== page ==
Some of the thieves have a shtick. There is Francisco Hita, who when caught touching someone's wallet, pretends to be deaf, the police say, responding with gesticulations of incomprehension. There is an older man who pretends to be stricken by palsy while on a bus, and then uses a behind-the-back maneuver to infiltrate the pocket of the passenger next to him.
There are flashy dressers, like the 5-foot-3 Duval Simmons, whose reputation is so well known among the police that he says he sometimes sits on his hands while riding the subway, so he cannot be accused of stealing. Mr. Simmons, an occasional partner of Mr. Rose's, said he honed his skills on a jacket that hung in his closet, tying bells to it to measure how heavy his hand was.
Mr. Rose's notoriety stems from how infrequently he has been arrested, and how, at least in the last 15 years, he has never been caught in the act by plainclothes officers.
But physical technique, Robbins pointed out, is merely a tool. "It's all about the choreography of people's attention," he said. "Attention is like water. It flows. It's liquid. You create channels to divert it, and you hope that it flows the right way."
Robbins uses various metaphors to describe how he works with attention, talking about "surfing attention," "carving up the attentional pie," and "framing." "I use framing the way a movie director or a cinematographer would," he said. "If I lean my face close in to someone's, like this" -- he demonstrated -- "it's like a closeup. All their attention is on my face, and their pockets, especially the ones on their lower body, are out of the frame. Or if I want to move their attention off their jacket pocket, I can say, 'You had a wallet in your back pocket -- is it still there?' Now their focus is on their back pocket, or their brain just short-circuits for a second, and I'm free to steal from their jacket."
Mesmerizing. Has anyone done analysis on which drivers are the most effective and what the data shows as the most effective techniques? The best drivers must have their tricks on where to be at which times to get the most fares. (via @dens)
In the early 1930s, Western Union and AT&T built two new buildings in lower Manhattan to house their telecommunications infrastructure. Here's a short film about their construction and ongoing use as hubs for contemporary telecom and internet communications.
Amazing that those buildings are still being used for the same use all these years later...they just run newer and newer technology through the same old conduits.
For decades, authorities treated subway graffiti like it was a sanitation issue. Gunn believed that graffiti was a symptom of larger systemic problems. After all, trains were derailing nearly every two weeks. In 1981 there were 1,800 subway car fires -- that's nearly five a day, every day of the year!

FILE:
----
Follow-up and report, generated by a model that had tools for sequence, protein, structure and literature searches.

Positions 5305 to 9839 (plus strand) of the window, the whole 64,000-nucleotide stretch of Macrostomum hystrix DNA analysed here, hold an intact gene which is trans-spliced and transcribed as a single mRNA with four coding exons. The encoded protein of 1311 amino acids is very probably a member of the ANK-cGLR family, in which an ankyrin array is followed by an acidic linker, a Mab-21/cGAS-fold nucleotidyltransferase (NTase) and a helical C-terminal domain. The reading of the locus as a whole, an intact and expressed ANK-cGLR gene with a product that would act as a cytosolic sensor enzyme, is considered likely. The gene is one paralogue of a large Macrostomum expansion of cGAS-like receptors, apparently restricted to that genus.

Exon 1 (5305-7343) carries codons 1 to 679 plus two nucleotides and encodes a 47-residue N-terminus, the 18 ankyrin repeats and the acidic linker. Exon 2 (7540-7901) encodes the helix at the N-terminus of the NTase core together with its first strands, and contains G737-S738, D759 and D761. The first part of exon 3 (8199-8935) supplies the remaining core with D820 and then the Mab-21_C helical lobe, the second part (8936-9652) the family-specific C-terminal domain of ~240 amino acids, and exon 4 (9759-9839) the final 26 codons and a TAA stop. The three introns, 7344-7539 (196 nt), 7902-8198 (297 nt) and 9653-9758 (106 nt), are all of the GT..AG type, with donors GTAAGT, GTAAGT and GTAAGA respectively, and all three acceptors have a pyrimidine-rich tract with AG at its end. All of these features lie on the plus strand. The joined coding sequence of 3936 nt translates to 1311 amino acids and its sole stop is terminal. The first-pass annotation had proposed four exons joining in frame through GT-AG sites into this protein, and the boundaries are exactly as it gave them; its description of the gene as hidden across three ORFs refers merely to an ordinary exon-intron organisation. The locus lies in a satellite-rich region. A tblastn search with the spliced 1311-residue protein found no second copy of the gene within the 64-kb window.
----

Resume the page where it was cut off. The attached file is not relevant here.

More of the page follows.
When Gunn launched his "Clean Trains" program, it was not only about cleaning up the trains aesthetically, but making them function well, too. Clean trains, Gunn believed, would be a symbol of a rehabilitated transit system.
The five men whose convictions in the brutal 1989 beating and rape of a female jogger in Central Park were later overturned have agreed to a settlement of about $40 million from New York City to resolve a bitterly fought civil rights lawsuit over their arrests and imprisonment in the sensational crime.
The agreement, reached between the city's Law Department and the five plaintiffs, would bring to an end an extraordinary legal battle over a crime that came to symbolize a sense of lawlessness in New York, amid reports of "wilding" youths and a marauding "wolf pack" that set its sights on a 28-year-old investment banker who ran in the park many evenings after work.
In recent decades, businesses and real estate agents have tried in vain to clean up the lively reputation of this west side neighborhood by renaming it "Clinton." Gentrification and expansion from the neighboring theater district have certainly helped the beautification cause. Nonetheless, the area spanning 34th Street to 59th Street and 8th Avenue (or 9th, depending on who you ask) to the Hudson River just can't shake the nickname "Hell's Kitchen."
Not included in the piece is the East Village, which was part of the Lower East Side until the 1960s, when the neighborhood's new residents (artists, hippies, Beatniks) and real estate brokers recast the area as the eastern outpost of Greenwich Village. (via digg)
In making the announcement, Mr. Campbell said: "Through this new, open-access policy, we join a growing number of museums that provide free access to images of art in the public domain. I am delighted that digital technology can open the doors to this trove of images from our encyclopedic collection."
The Metropolitan Museum's initiative-called Open Access for Scholarly Content (OASC)-provides access to images of art in its collection that the Museum believes to be in the public domain and free of other known restrictions; these images are now available for scholarly use in any media.
For someone who went to art school being able to do this is a revelation. I used to go to the museum with my sketchpad and copy the old masters. I'd get as close as I could to understand the brush strokes, colors, lines. The guards knew who to watch out for and would bark suddenly when we stuck our faces over the imaginary line.
As class assignments we were required to copy hundreds -- literally hundreds -- of the masters drawings and paintings. for those we mostly worked from images in books -- a picture the size of a wallet photo.
Which is one of the many reasons this new met resource is fucking phenomenal.